PARADISE, Calif. — The wildfires that have laid waste to vast parts of California are presenting residents with a new danger: air so thick with smoke it ranks among the dirtiest in the world.
On Friday, residents of smog-choked Northern California woke to learn that their pollution levels now exceed those in cities in China and India that regularly rank among the worst.
In the communities closest to the Paradise fire, an apocalyptic fog cloaked the roads, evacuees wandered in white masks and officials said respiratory hospitalizations had surged. Nearly 200 miles to the south, in San Francisco, the smoke was so thick that health warnings prompted widespread school closings. Even the city’s cable cars were yanked from the streets.
And researchers warned that as large wildfires become more common — spurred by dryness linked to climate change — health risks will almost surely rise. “If this kind of air quality from wildfires doesn’t get people concerned,” said Dr. John Balmes, a pulmonologist at the University of California at San Francisco, “I don’t know what will.”
At fault, researchers say, is a confluence of two modern events: More people are moving to communities in and around wooded enclaves, pushed out by factors like the rising costs of housing and the desire to be closer to nature — just as warming temperatures are contributing to longer and more destructive wildfires.
Wood smoke contains some of the same toxic chemicals that city pollution does. While humans have long been around fire, they generally inhale it in small doses over cooking or heat fires. Humans have not, however, evolved to handle prolonged inhalation of caustic air from something like the Paradise blaze, Dr. Balmes said.
Research into the long-term health effects of large wildfires is still new. But a growing body of science shows how inhalation of minuscule particles from wood fires can nestle in the folds of lung tissue and do harm to the human immune system.
The body creates zealous responses to what it sees as an alien presence, and those effects can last for years by priming the body to overreact when it encounters subsequent lung irritation, said Dr. Kari Nadeau, a pediatric allergy and asthma specialist at Stanford.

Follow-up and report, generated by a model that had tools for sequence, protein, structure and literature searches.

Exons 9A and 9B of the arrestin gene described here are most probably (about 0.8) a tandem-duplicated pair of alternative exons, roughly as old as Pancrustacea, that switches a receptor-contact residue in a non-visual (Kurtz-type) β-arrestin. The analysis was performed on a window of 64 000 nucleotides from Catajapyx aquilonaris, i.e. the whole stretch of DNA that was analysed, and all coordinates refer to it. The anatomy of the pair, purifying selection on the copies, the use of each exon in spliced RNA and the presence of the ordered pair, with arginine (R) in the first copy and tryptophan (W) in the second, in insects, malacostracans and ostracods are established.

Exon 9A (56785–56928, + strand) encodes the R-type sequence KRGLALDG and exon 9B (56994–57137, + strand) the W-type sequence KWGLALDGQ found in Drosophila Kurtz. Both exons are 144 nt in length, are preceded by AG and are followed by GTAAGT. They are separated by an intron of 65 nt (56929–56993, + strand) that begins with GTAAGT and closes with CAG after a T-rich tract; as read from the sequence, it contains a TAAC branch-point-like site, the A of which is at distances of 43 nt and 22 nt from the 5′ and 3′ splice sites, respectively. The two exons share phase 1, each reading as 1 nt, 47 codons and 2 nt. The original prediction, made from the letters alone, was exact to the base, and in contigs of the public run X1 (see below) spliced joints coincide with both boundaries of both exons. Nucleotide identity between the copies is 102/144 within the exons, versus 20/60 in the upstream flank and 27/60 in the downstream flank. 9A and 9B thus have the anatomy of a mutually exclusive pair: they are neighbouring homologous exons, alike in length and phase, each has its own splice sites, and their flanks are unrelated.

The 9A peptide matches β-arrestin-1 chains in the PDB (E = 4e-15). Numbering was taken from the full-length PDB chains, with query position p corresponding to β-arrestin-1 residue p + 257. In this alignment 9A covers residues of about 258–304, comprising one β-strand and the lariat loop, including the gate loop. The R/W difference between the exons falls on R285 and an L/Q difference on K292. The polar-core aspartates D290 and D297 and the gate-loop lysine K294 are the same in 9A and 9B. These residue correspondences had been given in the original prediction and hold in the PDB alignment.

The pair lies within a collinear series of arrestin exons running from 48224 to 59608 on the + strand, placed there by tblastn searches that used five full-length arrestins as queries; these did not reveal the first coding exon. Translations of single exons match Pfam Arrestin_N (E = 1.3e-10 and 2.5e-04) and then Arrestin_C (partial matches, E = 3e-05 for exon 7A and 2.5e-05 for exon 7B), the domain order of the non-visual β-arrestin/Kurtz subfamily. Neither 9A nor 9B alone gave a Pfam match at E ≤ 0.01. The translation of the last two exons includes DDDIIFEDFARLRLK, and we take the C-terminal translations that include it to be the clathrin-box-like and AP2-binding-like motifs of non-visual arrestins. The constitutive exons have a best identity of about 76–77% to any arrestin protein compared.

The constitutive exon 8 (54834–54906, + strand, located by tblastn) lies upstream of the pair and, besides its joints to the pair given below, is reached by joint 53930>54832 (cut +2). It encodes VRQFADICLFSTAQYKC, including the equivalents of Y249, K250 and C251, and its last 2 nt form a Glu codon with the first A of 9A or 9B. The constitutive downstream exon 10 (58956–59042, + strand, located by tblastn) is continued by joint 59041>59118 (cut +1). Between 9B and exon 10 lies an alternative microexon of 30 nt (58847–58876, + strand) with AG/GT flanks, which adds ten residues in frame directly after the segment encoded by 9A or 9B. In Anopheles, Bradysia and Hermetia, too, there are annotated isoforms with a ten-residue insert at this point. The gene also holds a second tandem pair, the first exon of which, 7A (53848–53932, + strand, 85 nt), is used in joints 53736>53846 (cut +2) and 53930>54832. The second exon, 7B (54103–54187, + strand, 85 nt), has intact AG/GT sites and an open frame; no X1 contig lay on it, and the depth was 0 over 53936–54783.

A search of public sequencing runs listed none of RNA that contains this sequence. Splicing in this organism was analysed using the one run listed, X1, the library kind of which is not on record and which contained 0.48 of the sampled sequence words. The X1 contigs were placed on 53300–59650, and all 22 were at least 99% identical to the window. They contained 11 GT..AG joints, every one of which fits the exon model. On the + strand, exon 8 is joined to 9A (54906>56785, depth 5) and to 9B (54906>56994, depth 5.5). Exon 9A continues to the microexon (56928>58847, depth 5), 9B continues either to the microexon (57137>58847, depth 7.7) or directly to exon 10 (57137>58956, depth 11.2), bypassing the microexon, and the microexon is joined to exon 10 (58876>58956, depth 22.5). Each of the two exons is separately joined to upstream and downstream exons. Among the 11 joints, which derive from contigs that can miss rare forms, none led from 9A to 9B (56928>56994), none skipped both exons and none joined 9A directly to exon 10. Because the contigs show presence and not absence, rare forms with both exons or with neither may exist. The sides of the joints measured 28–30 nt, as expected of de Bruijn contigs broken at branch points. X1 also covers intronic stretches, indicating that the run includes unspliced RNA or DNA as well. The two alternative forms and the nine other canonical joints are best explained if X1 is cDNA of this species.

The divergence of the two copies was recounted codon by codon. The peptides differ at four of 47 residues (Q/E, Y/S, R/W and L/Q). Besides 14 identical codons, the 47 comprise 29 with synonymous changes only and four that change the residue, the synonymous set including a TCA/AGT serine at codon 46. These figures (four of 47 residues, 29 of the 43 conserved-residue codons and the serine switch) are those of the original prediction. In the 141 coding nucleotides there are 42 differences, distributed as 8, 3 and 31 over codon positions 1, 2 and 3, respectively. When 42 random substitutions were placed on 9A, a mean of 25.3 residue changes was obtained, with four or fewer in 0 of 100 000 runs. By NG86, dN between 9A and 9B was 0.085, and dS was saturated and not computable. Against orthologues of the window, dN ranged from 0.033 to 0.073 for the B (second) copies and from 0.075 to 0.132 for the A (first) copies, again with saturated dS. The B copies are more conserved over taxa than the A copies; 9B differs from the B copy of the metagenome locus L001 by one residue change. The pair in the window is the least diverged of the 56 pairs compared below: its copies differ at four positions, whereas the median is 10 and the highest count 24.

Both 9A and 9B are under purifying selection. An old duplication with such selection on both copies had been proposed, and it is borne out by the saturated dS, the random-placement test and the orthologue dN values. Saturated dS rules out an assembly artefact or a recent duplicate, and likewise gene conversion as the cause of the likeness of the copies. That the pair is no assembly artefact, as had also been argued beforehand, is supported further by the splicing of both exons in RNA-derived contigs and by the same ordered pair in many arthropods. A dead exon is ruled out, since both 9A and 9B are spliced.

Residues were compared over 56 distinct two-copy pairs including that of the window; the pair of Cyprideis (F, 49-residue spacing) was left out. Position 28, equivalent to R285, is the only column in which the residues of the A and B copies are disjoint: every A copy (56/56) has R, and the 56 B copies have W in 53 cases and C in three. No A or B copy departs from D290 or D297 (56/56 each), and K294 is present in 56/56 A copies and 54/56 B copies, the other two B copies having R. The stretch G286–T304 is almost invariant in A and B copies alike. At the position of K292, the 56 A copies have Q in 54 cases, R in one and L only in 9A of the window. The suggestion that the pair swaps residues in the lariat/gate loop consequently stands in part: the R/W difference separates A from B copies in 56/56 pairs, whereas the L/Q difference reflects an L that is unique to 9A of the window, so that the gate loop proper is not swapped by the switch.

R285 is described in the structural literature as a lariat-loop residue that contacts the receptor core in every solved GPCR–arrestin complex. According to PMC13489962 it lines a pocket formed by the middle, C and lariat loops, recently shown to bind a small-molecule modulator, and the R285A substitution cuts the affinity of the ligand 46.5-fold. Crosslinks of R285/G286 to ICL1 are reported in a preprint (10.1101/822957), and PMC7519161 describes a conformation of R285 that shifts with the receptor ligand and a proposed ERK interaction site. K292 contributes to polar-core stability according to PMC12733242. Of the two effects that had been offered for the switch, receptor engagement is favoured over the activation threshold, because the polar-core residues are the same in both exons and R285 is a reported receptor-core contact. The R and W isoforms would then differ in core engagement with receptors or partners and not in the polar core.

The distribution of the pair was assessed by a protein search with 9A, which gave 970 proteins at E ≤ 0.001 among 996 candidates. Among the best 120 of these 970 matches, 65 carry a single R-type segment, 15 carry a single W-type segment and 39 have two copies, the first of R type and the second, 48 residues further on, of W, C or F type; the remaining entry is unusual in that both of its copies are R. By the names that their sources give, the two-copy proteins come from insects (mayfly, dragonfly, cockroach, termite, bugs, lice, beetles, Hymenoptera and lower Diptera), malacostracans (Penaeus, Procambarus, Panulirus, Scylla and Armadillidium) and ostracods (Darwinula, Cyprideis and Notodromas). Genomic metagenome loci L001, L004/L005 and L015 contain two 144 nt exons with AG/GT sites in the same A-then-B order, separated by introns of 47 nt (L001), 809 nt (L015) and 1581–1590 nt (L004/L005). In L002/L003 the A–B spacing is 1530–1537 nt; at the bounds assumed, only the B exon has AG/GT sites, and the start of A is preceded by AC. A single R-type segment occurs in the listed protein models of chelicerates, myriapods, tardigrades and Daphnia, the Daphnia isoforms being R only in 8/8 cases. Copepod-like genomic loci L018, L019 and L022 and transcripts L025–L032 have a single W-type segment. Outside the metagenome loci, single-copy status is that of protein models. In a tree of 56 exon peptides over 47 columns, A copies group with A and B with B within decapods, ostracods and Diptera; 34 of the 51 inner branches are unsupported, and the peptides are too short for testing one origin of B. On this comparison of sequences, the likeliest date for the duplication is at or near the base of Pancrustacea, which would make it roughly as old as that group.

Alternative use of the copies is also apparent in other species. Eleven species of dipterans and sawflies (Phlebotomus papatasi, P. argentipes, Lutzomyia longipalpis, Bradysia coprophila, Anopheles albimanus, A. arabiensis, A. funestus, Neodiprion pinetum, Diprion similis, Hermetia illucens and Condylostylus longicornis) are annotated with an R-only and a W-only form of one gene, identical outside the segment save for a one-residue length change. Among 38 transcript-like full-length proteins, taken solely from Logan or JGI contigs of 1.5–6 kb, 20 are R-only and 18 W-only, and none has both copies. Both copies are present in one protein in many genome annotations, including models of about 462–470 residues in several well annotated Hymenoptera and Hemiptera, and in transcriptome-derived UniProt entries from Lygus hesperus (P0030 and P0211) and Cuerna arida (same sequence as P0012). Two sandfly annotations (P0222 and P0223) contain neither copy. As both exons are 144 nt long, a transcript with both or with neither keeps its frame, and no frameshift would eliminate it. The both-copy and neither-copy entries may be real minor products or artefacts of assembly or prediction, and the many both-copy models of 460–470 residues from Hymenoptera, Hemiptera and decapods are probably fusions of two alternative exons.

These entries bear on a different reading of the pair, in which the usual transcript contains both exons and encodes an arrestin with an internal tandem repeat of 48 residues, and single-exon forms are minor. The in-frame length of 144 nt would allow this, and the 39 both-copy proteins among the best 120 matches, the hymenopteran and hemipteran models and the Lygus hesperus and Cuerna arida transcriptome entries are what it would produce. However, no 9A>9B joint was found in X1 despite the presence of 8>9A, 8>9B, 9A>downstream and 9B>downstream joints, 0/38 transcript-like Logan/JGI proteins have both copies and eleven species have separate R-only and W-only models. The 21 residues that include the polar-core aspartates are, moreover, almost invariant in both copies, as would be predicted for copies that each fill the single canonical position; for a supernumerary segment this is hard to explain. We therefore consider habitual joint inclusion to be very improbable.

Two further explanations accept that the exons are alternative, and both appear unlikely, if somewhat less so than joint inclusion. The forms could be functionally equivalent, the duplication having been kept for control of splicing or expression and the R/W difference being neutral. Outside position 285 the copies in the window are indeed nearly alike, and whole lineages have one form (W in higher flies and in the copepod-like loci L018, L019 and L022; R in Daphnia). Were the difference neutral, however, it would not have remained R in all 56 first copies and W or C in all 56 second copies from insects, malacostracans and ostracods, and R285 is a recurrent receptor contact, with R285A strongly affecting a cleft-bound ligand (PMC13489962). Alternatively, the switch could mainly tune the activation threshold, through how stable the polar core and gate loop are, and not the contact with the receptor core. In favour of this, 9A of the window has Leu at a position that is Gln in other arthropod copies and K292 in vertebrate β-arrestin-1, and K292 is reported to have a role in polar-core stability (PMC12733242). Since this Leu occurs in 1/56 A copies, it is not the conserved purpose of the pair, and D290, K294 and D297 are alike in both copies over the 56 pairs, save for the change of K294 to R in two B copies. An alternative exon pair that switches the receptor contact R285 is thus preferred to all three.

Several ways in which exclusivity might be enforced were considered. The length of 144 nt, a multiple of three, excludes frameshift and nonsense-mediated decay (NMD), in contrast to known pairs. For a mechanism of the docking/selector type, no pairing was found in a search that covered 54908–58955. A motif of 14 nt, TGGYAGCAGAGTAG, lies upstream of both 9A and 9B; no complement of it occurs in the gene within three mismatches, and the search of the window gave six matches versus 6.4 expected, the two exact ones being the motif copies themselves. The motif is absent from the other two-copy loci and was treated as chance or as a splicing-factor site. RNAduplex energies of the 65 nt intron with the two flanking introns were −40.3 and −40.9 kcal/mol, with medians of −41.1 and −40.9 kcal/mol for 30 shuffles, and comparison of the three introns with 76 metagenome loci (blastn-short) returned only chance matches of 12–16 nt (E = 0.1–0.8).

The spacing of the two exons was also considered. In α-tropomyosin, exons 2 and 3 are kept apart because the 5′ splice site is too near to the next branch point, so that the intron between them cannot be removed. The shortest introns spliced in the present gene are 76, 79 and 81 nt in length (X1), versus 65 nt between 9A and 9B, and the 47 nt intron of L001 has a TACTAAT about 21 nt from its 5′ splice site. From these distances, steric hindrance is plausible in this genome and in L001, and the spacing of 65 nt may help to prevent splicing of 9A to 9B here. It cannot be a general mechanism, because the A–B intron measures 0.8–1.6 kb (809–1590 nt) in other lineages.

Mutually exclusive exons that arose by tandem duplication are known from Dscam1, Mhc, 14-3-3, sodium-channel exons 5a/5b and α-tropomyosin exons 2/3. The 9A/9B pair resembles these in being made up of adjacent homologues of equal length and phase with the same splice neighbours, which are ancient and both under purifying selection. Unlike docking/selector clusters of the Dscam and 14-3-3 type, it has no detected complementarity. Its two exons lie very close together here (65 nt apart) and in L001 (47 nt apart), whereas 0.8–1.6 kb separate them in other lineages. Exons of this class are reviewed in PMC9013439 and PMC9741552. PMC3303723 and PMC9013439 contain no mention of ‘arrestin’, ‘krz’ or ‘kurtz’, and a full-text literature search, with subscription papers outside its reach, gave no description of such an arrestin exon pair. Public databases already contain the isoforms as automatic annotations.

From left, Parker Bush, Paige Bush, Fiona Nielsen, Erin Nielsen and Aiden Nielsen brought supplies for evacuees in Chico, Calif.CreditJenna Schoenefeld for The New York Times
In short, researchers like Dr. Nadeau believe that a person’s short-term exposure to wildfire can spur a lifetime of asthma, allergy and constricted breathing.
Officials statewide don’t have a grasp yet of how damaging and widespread the health effects of the smoke might be. Attention on Friday was focused on the death toll from the Paradise fire, north of Sacramento, which had reached 71 people. More than 1,000 people are still missing, according to Sheriff Kory Honea of Butte County.
The 142,000-acre fire was 45 percent contained, and officials said they expected to reach 100 percent by Nov. 30. Full containment does not mean that the fire is extinguished, only that firefighters were able to complete a perimeter around the flames and stop them from spreading.
That means that the health danger won’t disappear even as the firefighters make progress. Research already shows how that smoke directly affect lungs.
Tracking the Dangerous Smoke Plume From the California Fires
An interactive map, updated every six hours, shows where the smoke, and health risk, is most intense.
An extensive study of the 2015 wildfire season in Northern California found that smoke exposure led to increased emergency room visits for adults of all ages, but particularly those over 65 years old. One of the biggest research projects on the subject, the study looked at nearly 1.2 million emergency room visits during the summer of 2015, and found that during smoke-dense periods, there was a statistically significant increase in emergency room visits for heart attack, stroke and respiratory infection.